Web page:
Today, on Women’s Equality Day, Jill and I join with all Americans in celebrating the long line of women who have reached out through history as fearless, ambitious trailblazers to deliver a better future for America’s daughters.

From the suffragists, to the labor organizers, to the women who continue to lead the fight for the Equal Rights Amendment, and from the glass-ceiling breakers to the women in every workplace who have to fight twice as hard just to prove their basic dignity every single day, American women have pushed this country forward, one step at a time.

There can be no half measures when it comes to equality. That’s why we must keep working. 100 years ago today, the final paperwork was signed, officially proclaiming the ratification of the 19th Amendment to our Constitution–and of the right of women to vote in the United States of America. It was a culmination of decades of struggle to achieve a Constitutional amendment on women’s suffrage, and a true milestone for our nation. But it was also only the beginning of a long, still unfinished march toward full equality for all women, especially for women of color who were still not guaranteed their right to vote until the passage of the 1965 Voting Rights Act, and even longer for Latinas and Native American women.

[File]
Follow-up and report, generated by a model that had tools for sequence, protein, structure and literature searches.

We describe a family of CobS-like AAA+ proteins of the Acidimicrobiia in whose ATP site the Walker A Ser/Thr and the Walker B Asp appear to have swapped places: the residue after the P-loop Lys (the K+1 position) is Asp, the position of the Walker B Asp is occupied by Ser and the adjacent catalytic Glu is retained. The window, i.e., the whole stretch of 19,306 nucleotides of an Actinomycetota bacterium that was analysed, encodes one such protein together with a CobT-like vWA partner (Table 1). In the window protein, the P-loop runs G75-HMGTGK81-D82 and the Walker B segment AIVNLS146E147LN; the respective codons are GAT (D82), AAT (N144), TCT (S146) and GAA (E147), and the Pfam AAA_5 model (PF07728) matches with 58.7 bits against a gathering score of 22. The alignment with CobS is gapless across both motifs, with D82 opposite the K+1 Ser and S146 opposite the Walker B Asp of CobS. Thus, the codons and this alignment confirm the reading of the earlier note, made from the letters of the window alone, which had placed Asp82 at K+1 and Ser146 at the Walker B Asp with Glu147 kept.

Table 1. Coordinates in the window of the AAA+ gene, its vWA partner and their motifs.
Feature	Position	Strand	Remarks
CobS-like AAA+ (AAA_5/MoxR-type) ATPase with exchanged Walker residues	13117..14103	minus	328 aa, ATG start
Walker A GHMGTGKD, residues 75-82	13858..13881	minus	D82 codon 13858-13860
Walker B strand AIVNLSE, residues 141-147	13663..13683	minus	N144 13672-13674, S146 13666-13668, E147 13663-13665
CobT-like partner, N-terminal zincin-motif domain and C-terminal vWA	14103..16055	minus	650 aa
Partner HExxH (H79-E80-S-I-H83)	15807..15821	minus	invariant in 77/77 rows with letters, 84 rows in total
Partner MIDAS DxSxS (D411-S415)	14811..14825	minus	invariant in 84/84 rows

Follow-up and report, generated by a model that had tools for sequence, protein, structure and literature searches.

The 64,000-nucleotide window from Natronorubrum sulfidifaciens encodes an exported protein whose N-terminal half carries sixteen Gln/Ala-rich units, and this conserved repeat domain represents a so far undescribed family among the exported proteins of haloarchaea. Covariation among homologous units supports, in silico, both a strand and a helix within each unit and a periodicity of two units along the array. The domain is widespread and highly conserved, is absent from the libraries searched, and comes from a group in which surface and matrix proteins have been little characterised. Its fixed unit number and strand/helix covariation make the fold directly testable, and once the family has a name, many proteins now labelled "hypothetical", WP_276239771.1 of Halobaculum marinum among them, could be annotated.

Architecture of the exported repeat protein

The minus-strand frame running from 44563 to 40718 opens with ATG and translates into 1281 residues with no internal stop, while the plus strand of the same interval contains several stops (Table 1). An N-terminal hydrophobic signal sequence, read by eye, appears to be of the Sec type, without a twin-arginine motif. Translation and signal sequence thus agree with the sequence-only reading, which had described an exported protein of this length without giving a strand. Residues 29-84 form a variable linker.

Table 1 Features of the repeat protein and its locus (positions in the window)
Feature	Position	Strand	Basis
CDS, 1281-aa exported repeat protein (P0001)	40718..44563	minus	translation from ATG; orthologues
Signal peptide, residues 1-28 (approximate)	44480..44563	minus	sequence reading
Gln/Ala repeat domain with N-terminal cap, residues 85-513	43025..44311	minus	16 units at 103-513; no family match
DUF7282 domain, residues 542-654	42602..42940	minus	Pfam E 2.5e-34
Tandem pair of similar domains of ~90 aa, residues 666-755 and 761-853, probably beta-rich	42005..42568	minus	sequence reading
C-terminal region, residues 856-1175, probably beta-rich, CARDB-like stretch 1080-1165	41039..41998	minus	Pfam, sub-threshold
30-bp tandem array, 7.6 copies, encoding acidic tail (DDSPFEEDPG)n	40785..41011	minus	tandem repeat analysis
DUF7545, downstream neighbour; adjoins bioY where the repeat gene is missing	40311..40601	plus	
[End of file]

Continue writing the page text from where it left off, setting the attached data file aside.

Now, it is up to us to carry forward the banner of equality for the next generation–to build on the legacy of Shirley Chisholm and Geraldine Ferraro and Hillary Clinton to elect Kamala Harris as our next Vice President; to fully deliver on the promise of equal pay for equal work; to ensure women’s access to health care, eliminate health disparities, and protect women’s ability to make their own health care choices; and to end the scourge of violence against women.

It starts by voting this November. It starts by exercising that sacred American right, which so many have marched and suffered to secure.

We can do this. We can finally live up to our highest ideals–that all men, and women, are created equal. We can ensure that little girls and boys alike, of every race and background, know that in America, there is no limit on how high their dreams and their talents can carry them.